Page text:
Book Club Series: Gone Girl
Nick: “We complete each other in the nastiest, ugliest possible way.” Amy: “I’m the bitch who makes you a man.”
Gone Girl is a 2012 thriller novel by American writer Gillian Flynn. Flynn also wrote the screenplay of the 2014 American film by the same name directed by David Fincher and starring Ben Affleck as Nick Dunne and Rosamund Pike as Amy Dunne.
According to Flynn, the book explores the psychology and dynamics of a long-term relationship. Flynn says that she wanted to examine how people within a marriage lie to each other: “marriage is sort of like a long con, because you put on display your very best self during courtship, yet at the same time the person you marry is supposed to love you warts and all. But your spouse never sees those warts really until you get deeper into the marriage and let yourself unwind a bit.”
The novel’s principal suspense comes from uncertainty about Nick, and whether he is involved in the disappearance of his wife, Amy. But, let’s look at the story and characters from a personality perspective as Flynn unquestionably did. Who are the personalities? Why are they at first attracted to each other? What goes wrong in the relationship? Although on the surface, Gone Girl may seem like a story about a “psycho bitch” murderess with no meaningful bearing on “normal” relationships, it is really a literary dramatization of a relationship pattern as old as humanity itself.
Boy Meets Girl
The romantic relationship between Nick and Amy is one of “opposites attract.” It’s the “shadow” theory of attraction, in which a person is attracted to that which one has not developed, expressed, or lived out in oneself. Our psychological opposite represents the rejected, abandoned, or unlived half of ourselves. In each other, Nick and Amy are seeking the completion of themselves by their opposite.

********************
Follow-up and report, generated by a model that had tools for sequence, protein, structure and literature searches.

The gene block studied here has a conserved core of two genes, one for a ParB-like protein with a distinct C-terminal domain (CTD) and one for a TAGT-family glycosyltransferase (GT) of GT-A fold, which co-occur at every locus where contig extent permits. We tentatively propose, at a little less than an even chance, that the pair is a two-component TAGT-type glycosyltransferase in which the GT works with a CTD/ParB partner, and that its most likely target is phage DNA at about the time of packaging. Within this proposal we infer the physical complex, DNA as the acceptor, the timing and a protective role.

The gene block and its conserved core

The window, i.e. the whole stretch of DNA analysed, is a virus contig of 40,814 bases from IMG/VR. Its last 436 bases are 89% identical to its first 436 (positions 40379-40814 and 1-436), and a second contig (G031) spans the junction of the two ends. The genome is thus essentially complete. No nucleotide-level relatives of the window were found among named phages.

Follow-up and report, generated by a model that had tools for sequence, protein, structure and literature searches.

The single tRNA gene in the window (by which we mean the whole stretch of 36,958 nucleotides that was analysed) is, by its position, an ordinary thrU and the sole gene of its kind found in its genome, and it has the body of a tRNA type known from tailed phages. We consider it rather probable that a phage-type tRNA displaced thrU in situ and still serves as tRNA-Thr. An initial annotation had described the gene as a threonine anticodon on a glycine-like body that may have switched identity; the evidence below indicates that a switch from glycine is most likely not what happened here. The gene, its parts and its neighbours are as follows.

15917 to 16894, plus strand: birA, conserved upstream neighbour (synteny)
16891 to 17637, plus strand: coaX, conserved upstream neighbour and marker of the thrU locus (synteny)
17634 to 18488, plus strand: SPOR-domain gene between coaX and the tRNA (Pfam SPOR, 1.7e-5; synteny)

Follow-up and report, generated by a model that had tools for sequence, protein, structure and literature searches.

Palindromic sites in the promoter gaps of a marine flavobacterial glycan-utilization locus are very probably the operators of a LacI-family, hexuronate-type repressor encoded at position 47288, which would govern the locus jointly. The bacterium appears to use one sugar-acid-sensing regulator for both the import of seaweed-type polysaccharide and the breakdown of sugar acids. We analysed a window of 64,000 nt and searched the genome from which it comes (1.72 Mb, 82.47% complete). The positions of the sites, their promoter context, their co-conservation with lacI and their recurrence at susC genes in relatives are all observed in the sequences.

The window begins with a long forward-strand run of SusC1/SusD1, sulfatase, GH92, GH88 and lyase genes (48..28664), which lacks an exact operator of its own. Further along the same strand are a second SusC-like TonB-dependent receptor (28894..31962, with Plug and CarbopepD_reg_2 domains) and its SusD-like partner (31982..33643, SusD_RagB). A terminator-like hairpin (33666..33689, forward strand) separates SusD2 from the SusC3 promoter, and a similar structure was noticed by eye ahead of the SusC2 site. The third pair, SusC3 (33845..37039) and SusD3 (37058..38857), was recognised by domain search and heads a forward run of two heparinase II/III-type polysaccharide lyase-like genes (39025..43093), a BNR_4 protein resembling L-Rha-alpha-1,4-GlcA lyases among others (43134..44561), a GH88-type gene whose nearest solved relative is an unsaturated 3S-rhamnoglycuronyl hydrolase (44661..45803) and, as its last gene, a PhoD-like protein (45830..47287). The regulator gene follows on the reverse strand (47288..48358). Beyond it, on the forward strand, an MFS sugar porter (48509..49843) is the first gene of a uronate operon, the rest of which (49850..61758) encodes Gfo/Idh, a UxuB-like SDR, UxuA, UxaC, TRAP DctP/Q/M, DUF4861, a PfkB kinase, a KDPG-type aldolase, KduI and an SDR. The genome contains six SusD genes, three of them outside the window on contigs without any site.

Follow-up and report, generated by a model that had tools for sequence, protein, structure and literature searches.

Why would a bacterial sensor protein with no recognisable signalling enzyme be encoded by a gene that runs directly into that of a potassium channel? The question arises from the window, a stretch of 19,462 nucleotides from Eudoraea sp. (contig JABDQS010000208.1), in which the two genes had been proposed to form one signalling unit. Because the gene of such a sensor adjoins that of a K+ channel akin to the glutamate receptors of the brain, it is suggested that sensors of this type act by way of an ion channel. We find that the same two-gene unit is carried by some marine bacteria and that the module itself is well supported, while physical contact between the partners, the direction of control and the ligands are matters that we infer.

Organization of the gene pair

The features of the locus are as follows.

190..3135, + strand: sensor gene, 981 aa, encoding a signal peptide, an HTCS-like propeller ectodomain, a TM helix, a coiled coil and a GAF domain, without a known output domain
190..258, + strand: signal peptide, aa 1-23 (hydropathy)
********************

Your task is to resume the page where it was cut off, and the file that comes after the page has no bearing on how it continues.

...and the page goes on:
Amy is a pointy-headed, psychic tyrant turtle (the Revolutionary or INTJ). [Review Personality Traits] The Revolutionary’s strengths include intellectual clarity, accurate interpretation of perceptions, and visionary insight. Revolutionaries are most notable for contingency planning. As Amy tells Nick before impregnating herself with his sperm: “Always have a back up plan to the back up plan.” The Revolutionary’s weakness is a lack of awareness of external realities—they can get lost in an imaginary world that exists only inside their head.
Nick is an eagle-eyed, bleeding-hearted hippie puppy (the Traveler or ESFP). The Traveler’s strengths include performing for others, external sense perception, pursuit of sensual pleasure, and taking delight in the outer world. The Traveler’s weakness is visionary insight. Nick is the “cool-ass Brooklyn party boy” who “carries himself like he gets laid a lot.” Like a detective, he notices every detail around him, but he can’t understand what’s going on inside Amy’s head.
Let’s look closer at what makes Amy the Revolutionary and Nick the Traveler.
Turtles (introverted types) are inwardly focused, idea-oriented, and guided by internal values. They enjoy solitude, must understand life in order to live it, and prefer to think before acting. We learn that Amy is a turtle at the party where she first meets Nick: “I am not interested in being set up. I need to be ambushed, caught unawares, like some sort of feral love-jackal. I’m too self-conscious otherwise. I feel myself trying to be charming, and then I realize I’m obviously trying to be charming, and then I try to be even more charming to make up for the fake charm, and then I’ve basically turned into Liza Minnelli: I’m dancing in tights and sequins, begging you to love me. There’s a bowler and jazz hands and lots of teeth.”